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Off hand I didn't know the answer so I poked around. I remembered something like this on my graduate exam so here is the short answer. I think this will give you what you want if not let me know.

From: http://academic.reed.edu/chemistry/alan/Research/Bond/OneE/BoxProp/box.html

Wavefunction overlap 1D particle in a box (the equation is given on the website)

Quoted from the website:

`"You can easily show that the overlap of different wavefunctions is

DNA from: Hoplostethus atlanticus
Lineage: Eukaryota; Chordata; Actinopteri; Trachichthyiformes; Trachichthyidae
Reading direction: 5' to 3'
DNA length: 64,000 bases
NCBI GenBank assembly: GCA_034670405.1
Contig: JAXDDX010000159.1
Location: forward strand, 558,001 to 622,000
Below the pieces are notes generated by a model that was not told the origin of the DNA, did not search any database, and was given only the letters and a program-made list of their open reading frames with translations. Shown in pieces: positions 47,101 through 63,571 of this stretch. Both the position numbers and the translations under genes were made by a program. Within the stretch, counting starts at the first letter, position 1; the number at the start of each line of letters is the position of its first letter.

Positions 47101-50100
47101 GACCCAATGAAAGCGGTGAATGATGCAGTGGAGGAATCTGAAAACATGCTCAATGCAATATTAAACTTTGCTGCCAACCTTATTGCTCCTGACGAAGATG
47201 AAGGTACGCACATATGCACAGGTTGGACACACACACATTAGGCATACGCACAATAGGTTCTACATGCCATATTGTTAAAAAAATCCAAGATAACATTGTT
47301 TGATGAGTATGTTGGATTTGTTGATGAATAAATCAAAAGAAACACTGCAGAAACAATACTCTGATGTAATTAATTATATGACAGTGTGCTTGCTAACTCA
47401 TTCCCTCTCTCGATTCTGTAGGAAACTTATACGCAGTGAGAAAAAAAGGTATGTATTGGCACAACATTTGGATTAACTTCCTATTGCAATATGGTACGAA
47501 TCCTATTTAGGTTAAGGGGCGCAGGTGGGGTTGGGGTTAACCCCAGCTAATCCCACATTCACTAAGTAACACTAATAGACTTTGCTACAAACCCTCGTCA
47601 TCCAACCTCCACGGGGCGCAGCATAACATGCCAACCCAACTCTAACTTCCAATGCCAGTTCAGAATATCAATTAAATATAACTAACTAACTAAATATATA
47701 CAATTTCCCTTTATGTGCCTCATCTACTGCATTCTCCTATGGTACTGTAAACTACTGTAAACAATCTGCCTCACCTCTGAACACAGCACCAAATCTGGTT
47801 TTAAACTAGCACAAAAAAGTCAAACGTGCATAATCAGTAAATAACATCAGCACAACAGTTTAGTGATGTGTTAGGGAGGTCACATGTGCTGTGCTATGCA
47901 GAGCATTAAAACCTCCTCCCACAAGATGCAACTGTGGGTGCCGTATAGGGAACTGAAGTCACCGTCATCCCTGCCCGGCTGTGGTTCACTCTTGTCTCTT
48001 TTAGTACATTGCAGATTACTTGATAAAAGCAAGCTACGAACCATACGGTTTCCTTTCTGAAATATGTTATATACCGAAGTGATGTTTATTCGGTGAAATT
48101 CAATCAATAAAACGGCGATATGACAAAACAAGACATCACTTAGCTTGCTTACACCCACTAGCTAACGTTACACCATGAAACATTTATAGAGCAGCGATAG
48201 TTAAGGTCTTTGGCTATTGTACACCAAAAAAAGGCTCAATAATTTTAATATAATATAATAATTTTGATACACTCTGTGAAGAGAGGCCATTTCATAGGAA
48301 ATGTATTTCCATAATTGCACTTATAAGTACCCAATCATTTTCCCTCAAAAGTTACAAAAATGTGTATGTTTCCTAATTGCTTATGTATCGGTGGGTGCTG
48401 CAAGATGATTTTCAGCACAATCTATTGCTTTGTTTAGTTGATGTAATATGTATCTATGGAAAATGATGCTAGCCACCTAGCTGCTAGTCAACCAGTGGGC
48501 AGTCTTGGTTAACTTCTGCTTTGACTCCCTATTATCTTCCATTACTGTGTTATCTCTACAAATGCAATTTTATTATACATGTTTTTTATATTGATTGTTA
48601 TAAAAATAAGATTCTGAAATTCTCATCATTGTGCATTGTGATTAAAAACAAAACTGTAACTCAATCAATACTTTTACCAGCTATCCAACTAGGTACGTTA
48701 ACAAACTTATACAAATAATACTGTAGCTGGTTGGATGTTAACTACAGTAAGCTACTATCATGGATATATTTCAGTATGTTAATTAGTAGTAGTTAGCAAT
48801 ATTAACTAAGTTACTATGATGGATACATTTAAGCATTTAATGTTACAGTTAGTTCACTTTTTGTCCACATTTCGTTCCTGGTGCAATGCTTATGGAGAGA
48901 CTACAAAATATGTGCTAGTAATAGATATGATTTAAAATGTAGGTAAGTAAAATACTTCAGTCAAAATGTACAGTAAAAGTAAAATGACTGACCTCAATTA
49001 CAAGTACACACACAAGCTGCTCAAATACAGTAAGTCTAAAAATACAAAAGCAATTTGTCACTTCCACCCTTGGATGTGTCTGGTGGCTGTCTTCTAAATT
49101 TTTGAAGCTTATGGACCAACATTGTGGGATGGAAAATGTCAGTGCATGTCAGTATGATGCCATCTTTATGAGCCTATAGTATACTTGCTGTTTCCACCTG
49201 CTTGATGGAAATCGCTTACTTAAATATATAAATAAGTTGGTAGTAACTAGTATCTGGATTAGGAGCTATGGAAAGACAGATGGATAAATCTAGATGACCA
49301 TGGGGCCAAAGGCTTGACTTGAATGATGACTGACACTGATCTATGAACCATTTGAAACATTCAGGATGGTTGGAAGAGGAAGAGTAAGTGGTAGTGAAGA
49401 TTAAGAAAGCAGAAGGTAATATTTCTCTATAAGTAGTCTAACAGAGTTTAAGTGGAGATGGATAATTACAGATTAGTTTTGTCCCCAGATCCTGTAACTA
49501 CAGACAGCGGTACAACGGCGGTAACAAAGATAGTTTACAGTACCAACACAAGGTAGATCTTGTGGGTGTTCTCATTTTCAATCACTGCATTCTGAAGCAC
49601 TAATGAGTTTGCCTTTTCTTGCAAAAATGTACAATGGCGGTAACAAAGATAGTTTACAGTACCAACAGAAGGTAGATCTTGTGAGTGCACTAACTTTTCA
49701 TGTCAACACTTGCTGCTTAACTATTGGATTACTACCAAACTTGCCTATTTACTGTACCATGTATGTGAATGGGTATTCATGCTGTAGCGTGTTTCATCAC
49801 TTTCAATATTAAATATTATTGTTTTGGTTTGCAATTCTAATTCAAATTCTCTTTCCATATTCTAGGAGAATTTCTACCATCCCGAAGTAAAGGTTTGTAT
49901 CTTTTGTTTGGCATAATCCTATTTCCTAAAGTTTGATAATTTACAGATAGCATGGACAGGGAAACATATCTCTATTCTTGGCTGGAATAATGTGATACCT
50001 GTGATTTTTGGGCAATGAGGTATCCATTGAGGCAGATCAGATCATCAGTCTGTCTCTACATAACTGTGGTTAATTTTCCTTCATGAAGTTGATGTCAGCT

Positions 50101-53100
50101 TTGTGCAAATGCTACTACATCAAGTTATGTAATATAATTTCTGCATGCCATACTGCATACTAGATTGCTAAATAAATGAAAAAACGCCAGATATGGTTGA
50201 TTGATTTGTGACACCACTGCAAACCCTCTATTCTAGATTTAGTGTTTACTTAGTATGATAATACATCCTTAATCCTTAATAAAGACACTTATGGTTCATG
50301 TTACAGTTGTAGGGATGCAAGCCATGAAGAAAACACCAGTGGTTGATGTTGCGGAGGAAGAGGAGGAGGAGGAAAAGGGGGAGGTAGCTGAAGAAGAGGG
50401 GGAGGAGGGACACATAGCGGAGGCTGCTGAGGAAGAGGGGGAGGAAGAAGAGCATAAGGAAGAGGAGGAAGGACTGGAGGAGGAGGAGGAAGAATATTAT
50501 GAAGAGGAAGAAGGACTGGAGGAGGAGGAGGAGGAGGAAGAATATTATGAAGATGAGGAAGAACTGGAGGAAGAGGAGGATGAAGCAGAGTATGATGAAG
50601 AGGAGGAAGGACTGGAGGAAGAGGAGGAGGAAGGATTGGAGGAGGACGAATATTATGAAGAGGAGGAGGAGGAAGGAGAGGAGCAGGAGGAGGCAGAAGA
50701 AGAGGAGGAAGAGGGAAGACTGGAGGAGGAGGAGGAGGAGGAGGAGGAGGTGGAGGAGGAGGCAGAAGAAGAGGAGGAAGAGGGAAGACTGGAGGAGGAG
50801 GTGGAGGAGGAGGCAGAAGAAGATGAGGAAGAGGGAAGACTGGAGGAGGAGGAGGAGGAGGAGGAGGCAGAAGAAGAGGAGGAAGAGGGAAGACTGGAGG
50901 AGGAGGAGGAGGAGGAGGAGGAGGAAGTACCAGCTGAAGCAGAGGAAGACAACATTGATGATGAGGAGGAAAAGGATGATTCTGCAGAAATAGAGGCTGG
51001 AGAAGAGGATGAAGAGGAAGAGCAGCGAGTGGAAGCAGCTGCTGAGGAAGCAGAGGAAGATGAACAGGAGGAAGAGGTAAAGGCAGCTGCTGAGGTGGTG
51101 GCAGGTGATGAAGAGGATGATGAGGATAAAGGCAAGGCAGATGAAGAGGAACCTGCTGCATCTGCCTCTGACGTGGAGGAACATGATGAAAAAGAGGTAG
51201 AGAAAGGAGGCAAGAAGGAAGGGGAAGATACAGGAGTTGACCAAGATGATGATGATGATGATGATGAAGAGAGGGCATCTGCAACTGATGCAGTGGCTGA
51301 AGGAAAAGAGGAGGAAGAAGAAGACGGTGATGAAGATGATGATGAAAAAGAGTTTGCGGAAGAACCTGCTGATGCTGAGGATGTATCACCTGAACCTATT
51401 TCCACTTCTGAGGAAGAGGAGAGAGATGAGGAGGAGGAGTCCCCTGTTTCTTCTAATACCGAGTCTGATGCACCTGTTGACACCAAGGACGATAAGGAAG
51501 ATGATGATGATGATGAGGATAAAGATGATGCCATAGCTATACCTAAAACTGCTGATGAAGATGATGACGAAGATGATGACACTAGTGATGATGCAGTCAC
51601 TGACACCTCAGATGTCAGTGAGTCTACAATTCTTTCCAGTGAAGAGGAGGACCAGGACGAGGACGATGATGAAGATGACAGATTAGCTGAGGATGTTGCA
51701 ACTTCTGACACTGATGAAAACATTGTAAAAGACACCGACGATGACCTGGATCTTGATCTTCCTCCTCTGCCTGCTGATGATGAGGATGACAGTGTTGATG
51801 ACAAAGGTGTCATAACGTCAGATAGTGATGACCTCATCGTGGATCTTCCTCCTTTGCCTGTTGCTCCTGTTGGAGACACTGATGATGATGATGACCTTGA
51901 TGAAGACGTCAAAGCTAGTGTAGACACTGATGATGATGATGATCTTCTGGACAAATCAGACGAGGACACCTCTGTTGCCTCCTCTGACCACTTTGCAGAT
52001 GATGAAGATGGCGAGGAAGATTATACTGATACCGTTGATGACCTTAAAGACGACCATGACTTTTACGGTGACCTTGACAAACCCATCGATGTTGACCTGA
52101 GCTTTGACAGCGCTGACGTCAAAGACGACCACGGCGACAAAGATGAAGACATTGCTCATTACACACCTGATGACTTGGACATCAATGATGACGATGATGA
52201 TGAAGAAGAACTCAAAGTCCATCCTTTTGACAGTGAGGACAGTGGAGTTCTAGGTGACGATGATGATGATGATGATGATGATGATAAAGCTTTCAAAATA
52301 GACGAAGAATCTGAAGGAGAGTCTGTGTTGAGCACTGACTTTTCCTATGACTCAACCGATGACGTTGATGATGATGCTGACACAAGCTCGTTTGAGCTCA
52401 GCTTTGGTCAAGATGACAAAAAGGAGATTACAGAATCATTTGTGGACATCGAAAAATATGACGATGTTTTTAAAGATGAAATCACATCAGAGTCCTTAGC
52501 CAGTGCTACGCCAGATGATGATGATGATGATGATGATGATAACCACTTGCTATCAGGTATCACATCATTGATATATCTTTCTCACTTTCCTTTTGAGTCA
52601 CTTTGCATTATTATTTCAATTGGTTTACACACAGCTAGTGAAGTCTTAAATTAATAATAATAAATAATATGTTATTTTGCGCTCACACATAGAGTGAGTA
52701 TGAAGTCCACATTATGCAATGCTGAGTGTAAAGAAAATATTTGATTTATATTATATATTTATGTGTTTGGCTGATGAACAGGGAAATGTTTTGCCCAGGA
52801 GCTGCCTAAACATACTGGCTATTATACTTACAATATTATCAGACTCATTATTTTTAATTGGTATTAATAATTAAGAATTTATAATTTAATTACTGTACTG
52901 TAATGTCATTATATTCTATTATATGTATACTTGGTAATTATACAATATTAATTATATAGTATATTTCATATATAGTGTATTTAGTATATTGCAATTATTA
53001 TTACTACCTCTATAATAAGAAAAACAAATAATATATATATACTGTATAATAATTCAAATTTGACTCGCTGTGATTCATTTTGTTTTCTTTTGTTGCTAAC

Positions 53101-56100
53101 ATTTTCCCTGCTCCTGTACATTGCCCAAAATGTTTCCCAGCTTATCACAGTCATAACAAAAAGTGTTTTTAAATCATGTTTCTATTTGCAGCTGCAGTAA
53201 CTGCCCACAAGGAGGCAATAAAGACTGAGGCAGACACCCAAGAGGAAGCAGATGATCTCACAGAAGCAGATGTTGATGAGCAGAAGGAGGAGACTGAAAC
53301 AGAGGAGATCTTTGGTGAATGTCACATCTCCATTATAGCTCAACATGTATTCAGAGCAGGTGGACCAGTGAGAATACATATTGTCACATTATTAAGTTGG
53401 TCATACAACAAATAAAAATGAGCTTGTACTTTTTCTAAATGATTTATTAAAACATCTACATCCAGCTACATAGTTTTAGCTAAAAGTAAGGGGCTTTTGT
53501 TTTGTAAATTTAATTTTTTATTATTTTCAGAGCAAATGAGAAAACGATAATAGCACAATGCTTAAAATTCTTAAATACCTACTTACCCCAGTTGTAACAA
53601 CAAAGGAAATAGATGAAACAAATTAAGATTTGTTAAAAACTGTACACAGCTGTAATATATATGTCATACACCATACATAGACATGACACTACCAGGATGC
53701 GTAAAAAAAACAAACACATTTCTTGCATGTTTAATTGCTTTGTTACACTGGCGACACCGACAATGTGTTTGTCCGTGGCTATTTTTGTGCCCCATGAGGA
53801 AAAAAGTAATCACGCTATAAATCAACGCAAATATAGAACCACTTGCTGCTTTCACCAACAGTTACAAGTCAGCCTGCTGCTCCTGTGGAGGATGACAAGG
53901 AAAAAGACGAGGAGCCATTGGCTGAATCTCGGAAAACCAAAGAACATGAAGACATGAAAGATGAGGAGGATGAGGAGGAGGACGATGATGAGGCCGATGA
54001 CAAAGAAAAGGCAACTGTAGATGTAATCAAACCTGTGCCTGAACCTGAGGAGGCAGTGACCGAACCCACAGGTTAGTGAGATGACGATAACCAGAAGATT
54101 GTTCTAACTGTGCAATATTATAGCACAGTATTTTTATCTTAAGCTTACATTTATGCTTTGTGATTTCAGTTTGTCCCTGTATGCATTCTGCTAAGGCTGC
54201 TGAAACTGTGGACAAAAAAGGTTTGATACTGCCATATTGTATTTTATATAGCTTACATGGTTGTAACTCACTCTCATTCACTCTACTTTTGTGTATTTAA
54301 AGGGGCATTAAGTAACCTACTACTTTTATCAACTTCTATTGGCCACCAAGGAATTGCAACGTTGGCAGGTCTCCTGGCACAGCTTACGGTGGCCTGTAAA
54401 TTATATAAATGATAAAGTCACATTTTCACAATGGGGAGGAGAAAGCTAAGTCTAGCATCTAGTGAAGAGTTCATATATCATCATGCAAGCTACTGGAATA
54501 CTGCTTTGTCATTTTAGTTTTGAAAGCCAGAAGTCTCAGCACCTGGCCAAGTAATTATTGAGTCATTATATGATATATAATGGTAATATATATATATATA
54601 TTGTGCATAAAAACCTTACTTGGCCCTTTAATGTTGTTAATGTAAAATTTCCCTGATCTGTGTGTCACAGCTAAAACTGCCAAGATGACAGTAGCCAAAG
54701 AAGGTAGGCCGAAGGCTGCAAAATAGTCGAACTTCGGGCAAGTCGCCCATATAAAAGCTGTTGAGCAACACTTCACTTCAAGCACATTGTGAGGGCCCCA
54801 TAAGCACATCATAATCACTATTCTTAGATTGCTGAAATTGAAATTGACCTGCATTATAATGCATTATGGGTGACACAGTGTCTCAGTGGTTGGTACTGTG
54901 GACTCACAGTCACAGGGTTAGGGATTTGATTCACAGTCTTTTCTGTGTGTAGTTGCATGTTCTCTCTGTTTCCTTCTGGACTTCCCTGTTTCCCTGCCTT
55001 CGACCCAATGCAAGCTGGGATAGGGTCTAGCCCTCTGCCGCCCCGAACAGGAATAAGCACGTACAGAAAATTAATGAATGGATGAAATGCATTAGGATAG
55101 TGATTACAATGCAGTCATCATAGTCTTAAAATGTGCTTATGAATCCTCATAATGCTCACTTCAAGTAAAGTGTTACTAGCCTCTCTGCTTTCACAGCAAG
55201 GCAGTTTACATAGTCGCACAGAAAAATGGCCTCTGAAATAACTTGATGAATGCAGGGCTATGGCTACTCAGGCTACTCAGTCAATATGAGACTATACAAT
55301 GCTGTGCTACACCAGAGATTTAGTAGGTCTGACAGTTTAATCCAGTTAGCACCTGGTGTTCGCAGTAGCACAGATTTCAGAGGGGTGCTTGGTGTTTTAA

necessarily zero. Consider, for example, if ø _{m} and ø_{n} have
different symmetries their product will be antisymmetric and the integral will
vanish. Different arguments are required for wavefunctions of the same
symmetry type, but the result is the same. S = 0 if 'm' and 'n' are different.
`

`
We indicate the 'no overlap' property of wavefunctions by saying they are
'orthogonal.' Valid wavefunctions with different quantum numbers must
always be orthogonal.
`

`
Note that a wavefunction can never be orthogonal to itself. Setting m = n
makes the overlap integral identical to the normalization integral, i.e.,
Smm = 1."
`

Also some handy references:

__Physical Chemistry__, 7th Edition, Peter Atkins and Julio de Paula
Applied Mathematics for Physical Chemistry by James R. Barrante

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